Chinese travelers expect to venture abroad, just not to the United States
After months of punishing lockdowns, many Chinese want to travel overseas in the coming year. According to Morning Consult data, a near majority of Chinese adults (45%) say they are likely to venture abroad in the next 12 months, while 1 in 5 say they “definitely” expect to do so.
However, American destinations and travel companies hoping for a windfall of returning Chinese travelers may have less reason for optimism. Out of a range of potential global destinations in our survey, the United States holds the least appeal. A majority of Chinese (54%) are interested in visiting Europe, compared with just over one-third (35%) who want to visit the United States. Meanwhile, 45% of Chinese adults have little to no interest in U.S. travel.
Chinese Travelers Are Least Interested in Visiting the U.S. Out of a Range of Potential Destinations
While cost and distance could be factors making Asian and even European destinations more appealing to Chinese travelers, they don’t explain the 11 percentage point premium in the share of Chinese adults interested in visiting Canada compared with the United States, suggesting other drivers may be at work.
Geopolitical developments could be partially to blame
We previously showed that alarmist Chinese media coverage, especially of mass shootings, may be scaring Chinese travelers away from the United States. But deteriorating U.S.-China relations could be a significant factor impacting interest in U.S. travel as well. Given that Chinese travelers accounted for nearly a fifth of global tourism prior to the pandemic, heightened geopolitical tensions could prove costly for a U.S. tourism & hospitality industry hoping that an influx of Chinese tourists will help fuel a return to pre-pandemic profits.
Discord Between Washington and Beijing Could Ground Chinese Travelers
Nearly two-thirds of Chinese adults (65%) say China’s fraying relationship with the United States is a reason to avoid U.S. travel, while 43% cite growing enmity between the two nations as a “major reason” to stay away.
At first glance, China’s younger travelers seem less wary of U.S. travel overall, but they are actually the most uncertain, likely owing to fraught economic circumstances linked to historic youth unemployment. Rather than viewing strained U.S.-China relations as a reason to avoid travel, an outsize share may simply not be thinking of travel as a possibility due to strained finances. As for China’s Gen Z adults with an opinion on the matter, they are in fact more likely than any other generation to cite the state of U.S.-China relations as a major reason to avoid stateside travel, in line with observations of elevated nationalism among this group.
If relations head south, even interested Chinese travelers may avoid the West
Among the nearly half of Chinese adults who say they have little to no interest in visiting the United States, 54% cite tensions between Washington and Beijing as a major deterrent driving this view, compared with only 43% of all Chinese adults. Meanwhile, 78% of the former group cite worsening bilateral relations as a major or minor reason to avoid U.S. travel, compared with 65% of all adults.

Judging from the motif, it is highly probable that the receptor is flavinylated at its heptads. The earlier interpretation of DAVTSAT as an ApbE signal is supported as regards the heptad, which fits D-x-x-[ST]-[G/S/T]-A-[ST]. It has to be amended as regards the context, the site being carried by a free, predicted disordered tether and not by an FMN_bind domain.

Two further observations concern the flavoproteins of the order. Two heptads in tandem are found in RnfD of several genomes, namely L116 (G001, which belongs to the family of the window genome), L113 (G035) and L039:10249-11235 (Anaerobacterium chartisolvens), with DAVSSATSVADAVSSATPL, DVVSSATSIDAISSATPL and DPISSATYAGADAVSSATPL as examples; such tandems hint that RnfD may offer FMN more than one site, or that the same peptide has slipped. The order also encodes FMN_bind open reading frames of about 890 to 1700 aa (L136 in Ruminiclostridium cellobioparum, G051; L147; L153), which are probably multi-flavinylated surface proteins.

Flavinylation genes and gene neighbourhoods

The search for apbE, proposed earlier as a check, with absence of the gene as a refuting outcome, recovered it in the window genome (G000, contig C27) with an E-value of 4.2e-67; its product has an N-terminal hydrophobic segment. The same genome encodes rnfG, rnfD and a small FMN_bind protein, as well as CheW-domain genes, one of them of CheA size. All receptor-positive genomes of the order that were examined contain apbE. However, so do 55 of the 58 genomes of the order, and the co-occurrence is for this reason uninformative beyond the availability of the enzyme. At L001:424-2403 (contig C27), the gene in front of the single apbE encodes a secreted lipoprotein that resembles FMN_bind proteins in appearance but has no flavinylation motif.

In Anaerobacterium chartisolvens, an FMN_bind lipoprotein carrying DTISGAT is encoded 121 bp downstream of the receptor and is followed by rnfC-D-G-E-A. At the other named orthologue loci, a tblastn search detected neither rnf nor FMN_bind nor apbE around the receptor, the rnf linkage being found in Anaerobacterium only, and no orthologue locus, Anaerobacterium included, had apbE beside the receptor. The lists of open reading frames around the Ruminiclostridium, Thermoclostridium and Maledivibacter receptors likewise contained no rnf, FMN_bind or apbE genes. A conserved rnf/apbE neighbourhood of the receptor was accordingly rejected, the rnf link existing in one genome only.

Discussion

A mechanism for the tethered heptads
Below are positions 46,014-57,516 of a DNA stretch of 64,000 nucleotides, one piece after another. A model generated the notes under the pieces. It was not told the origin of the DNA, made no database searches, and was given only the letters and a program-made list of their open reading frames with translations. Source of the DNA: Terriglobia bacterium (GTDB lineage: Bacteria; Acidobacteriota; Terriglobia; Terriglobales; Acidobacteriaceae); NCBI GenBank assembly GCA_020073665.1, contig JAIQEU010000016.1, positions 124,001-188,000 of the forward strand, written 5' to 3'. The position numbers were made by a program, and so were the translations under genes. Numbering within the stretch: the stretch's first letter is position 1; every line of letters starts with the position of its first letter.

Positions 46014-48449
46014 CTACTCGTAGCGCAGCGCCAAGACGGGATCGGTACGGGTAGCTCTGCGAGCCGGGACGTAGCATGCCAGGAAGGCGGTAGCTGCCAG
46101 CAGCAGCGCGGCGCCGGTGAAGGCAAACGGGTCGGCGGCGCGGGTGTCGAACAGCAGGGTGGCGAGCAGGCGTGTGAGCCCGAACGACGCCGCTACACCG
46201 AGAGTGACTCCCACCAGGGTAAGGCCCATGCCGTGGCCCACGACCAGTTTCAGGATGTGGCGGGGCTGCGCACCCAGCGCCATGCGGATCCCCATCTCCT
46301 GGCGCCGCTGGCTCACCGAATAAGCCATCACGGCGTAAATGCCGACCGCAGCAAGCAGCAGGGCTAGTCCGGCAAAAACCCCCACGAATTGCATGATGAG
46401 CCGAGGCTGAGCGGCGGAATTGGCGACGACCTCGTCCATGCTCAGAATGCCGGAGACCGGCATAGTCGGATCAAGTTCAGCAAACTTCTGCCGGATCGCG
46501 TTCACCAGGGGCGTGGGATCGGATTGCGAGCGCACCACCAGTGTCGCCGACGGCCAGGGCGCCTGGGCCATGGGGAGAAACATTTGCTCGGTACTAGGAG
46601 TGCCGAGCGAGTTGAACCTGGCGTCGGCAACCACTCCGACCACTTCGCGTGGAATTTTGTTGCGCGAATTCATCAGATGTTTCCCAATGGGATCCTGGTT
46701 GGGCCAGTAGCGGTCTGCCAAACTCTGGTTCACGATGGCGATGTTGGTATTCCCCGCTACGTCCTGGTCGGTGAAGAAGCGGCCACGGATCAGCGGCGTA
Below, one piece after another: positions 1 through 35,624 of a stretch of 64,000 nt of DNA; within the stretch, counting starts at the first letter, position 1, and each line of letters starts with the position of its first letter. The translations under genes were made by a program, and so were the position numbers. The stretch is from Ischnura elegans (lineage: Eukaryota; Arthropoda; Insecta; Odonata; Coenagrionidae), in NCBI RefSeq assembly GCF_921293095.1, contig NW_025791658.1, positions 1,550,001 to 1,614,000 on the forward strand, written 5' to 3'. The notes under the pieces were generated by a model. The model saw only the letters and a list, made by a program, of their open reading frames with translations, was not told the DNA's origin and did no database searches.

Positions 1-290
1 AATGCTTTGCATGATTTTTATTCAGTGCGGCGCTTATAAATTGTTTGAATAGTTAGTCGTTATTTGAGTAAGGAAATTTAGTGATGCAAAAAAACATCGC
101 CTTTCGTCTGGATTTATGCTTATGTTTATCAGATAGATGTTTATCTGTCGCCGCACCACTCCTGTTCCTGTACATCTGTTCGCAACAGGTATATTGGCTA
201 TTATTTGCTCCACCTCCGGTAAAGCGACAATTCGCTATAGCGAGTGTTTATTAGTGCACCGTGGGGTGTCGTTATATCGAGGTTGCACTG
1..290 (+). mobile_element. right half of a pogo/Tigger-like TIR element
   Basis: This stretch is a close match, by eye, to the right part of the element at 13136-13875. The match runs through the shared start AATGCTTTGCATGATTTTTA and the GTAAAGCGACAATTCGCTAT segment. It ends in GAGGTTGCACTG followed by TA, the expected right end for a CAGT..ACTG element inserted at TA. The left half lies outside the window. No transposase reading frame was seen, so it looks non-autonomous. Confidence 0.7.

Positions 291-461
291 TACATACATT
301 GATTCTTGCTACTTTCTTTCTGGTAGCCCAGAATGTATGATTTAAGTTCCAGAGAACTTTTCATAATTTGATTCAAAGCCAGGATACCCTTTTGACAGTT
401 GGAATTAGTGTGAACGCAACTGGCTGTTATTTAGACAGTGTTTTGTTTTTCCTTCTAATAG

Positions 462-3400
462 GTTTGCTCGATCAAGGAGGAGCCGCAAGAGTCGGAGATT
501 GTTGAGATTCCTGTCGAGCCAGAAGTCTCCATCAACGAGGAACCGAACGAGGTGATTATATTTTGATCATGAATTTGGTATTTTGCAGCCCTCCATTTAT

Yet even those interested in visiting the United States say escalating geopolitical tensions might ultimately give them pause. In fact, this group is more wary than Chinese adults overall. Three-quarters of those currently bullish on a U.S. visit say deteriorating relations could reroute their interest away from the country. A plurality (46%) say geopolitical discord would be a major reason to scupper any travel plans.
Those tracking Chinese interest in overseas travel should track Xi’s own movements this fall
Sino-U.S. relations have been on a knife’s edge since House Speaker Nancy Pelosi’s visit to Taiwan in August prompted a bout of inflammatory saber-rattling from Beijing, along with a series of aggressive regional military maneuvers. Things may get worse this fall. Chinese President and Communist Party leader Xi Jinping met with Russian President Vladimir Putin during the annual summit of the Shanghai Cooperation Organization in Uzbekistan — Xi’s first visit abroad since before the pandemic — in a move that is likely to further erode U.S.-China relations owing to ongoing sparring over Russia’s invasion of Ukraine.
Indeed, Xi’s decision to meet with Putin could be seen as a tacit endorsement of the war, even if Xi does not articulate such a position. November’s G-20 summit — which will offer an opportunity for Xi to meet with U.S. President Joe Biden — is another key moment that could yield fireworks. Between the two events, Xi will almost certainly be appointed to a third term in office at October’s 20th Party Congress, when he is expected to outline his long-term strategic vision for China and its geopolitical neighborhood — another potential flashpoint to watch.
Those in the travel industry counting on the return of Chinese visitors to the United States should pay close attention to such geopolitical developments and adjust their expectations accordingly. Our data shows that two-thirds of Chinese adults already consider the United States to be either unfriendly toward China or an outright enemy. If unfolding events cause these numbers to tick up further, even those with an interest in visiting the United States may decline to do so, opting instead to spend their time and money on what they see as friendlier shores.